Players will set up their pieces, numbered 1-6 in opposing battle lines. The pieces are set target side up. That is, the side with the dark indent showing. Players will then roll the dice in turn, using the numbers they rolled to either secure a piece of their own, flipping it away from the target side. Or attack an opponent’s piece, if the target side is up. Defend or attack! Of course later in the game, dice rolls may not always be used as certain peices are already depleted. 

Once one person has lost all their pieces, the game ends. Scoring is simply a case of adding up the pieces you have. Rules are slightly different in two-player, but the game works just as well. If not better. But there is a specific two player set too for even more portablility.

As all the pieces are wood, and the box is tin, so this will work in any environment. It can get wet or muddy no worries. It wont blow away in the wind. And you don’t even need a flat surface to play on. This is the ultimate portable game, and brilliant fun to boot!


Kariba – Best for groups of six.

Age range - 5 and up

Space needed - Large dinner plate size.

Fun factor - High

Portability - Tiny

Waterproof - Not quite. 

Time killed! - 10 minutes


There are many brilliant small box Helvetiq games that I love. Kariba has been chosen for this top 5 because out of all the ones I have played and enjoyed, this is the most portable. The box itself is of course tiny, like most of Helvetiq’s games, and the game itself requires minimal space to play.

There is a small waterhole to set up with eight small cardboard pieces. This functions as the centre piece of the game where the small cards are all laid. In total, this will take up the space of a large dinner plate. If you have room for that, then this game could be for you.

Players will take it in turn to lay a card, sending an animal to the watering hole. If at any point there are three of the same animal at any space, they then scare the animal to their right, (the lower numbered animal) and the player that laid the third card, collects those animals that ran away. Play flows in turn until all cards are used, at which point each player scores a point for each card they have collected.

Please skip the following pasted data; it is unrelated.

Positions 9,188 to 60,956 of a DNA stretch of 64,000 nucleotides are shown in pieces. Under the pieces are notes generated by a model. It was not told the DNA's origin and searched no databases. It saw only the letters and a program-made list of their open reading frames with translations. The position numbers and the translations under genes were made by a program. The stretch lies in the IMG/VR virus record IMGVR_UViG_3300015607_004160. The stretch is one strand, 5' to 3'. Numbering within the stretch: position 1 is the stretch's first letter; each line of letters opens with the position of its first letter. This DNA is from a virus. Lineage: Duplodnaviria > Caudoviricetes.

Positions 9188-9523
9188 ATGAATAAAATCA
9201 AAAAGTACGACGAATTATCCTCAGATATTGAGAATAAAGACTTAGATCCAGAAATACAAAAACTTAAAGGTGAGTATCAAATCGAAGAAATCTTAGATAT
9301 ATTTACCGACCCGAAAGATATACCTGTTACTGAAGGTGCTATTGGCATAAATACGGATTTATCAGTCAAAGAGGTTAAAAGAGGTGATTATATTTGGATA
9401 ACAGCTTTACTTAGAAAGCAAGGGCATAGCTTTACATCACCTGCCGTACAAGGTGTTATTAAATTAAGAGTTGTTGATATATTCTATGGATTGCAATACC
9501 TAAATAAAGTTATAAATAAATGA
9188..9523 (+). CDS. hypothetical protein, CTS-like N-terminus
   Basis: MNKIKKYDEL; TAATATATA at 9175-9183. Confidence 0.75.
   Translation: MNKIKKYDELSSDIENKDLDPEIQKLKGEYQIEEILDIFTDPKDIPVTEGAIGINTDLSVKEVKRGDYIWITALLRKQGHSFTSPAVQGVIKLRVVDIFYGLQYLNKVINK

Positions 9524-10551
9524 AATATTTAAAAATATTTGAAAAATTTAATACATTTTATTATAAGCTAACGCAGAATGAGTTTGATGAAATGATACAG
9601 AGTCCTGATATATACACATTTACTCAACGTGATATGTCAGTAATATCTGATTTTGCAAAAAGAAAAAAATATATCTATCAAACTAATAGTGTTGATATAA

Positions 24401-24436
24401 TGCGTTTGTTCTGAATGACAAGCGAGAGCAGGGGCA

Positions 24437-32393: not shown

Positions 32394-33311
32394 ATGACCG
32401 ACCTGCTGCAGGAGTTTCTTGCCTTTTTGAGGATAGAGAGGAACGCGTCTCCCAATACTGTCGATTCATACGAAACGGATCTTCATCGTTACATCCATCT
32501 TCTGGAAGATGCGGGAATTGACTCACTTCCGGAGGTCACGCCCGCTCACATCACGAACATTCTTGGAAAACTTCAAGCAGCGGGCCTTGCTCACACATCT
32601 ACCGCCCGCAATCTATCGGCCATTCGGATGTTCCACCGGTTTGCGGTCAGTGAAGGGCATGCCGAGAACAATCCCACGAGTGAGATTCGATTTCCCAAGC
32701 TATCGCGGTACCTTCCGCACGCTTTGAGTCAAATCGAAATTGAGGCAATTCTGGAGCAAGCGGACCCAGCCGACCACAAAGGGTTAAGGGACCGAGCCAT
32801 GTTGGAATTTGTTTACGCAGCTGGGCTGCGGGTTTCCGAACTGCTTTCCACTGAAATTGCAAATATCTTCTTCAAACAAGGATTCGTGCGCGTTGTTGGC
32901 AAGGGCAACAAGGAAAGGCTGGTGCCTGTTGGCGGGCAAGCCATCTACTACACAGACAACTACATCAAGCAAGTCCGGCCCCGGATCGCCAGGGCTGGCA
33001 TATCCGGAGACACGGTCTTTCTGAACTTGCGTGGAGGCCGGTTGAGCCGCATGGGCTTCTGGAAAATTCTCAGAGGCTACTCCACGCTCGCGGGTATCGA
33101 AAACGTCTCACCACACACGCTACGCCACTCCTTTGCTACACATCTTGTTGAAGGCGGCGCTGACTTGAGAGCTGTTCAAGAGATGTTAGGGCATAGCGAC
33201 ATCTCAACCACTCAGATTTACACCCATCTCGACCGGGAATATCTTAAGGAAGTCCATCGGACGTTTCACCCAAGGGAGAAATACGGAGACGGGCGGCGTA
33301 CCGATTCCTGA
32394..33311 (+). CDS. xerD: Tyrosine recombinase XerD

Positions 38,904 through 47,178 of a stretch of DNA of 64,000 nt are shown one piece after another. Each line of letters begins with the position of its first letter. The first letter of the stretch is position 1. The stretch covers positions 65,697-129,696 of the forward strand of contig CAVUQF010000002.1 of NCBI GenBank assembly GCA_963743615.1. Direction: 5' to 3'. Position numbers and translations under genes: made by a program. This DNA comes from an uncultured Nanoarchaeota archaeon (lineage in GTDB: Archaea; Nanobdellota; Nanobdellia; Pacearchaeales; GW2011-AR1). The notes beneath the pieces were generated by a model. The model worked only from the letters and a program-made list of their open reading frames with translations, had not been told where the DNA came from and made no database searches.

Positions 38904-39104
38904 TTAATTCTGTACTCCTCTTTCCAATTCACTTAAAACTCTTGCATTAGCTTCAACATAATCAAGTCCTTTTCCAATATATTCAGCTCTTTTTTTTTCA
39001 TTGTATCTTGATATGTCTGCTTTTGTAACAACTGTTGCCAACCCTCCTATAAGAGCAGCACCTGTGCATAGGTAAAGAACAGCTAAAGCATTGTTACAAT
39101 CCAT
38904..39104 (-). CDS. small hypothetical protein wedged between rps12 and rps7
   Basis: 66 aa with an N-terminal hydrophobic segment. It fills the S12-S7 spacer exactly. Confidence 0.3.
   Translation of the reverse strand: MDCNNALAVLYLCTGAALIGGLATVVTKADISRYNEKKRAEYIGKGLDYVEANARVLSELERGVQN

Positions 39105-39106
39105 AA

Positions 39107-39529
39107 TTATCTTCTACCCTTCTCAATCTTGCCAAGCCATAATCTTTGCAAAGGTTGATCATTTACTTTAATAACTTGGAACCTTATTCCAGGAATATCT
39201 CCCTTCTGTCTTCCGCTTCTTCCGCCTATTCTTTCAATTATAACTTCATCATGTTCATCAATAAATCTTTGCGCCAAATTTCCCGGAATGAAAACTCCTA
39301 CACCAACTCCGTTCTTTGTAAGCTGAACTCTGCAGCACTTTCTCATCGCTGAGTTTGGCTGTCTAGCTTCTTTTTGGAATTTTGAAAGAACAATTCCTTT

It really is that simple, but the choices in this game feel fun and you will be engaged throughout. You can of course add a few rules to spice it up if you like. Maybe you score the points of the card value, rather than just a flat one per card. This makes scaring the elephants with the mice a very big moment in the game! You can play best of three, first to collect all the odd numbers, whatever you like. Like most games, you can bring your own flavour to the table. That is until the garlic balls arrive anyway!



Zenteeko– Best for when its wet and windy.

Age range - 4 and up

Space needed - Anything!

Fun factor - High

Portability - Tiny

Waterproof - Yes

Time killed! - 10 minutes

Zenteeko is a lovely little abstract strategy game, similar to connect four. Although you can win if your four colour tiles are in a square shape or line in a any direction, and your peices can move. Players take it in turns to place tiles until all four are on for each player. Then, if there is no connect four at this stage, and trust me there can be! Play continues with players sliding their tiles one space in turn. Games can be very quick, so we often play in a race to five. Although often that isn’t enough, if I havn't won for example, and we play on for many more games.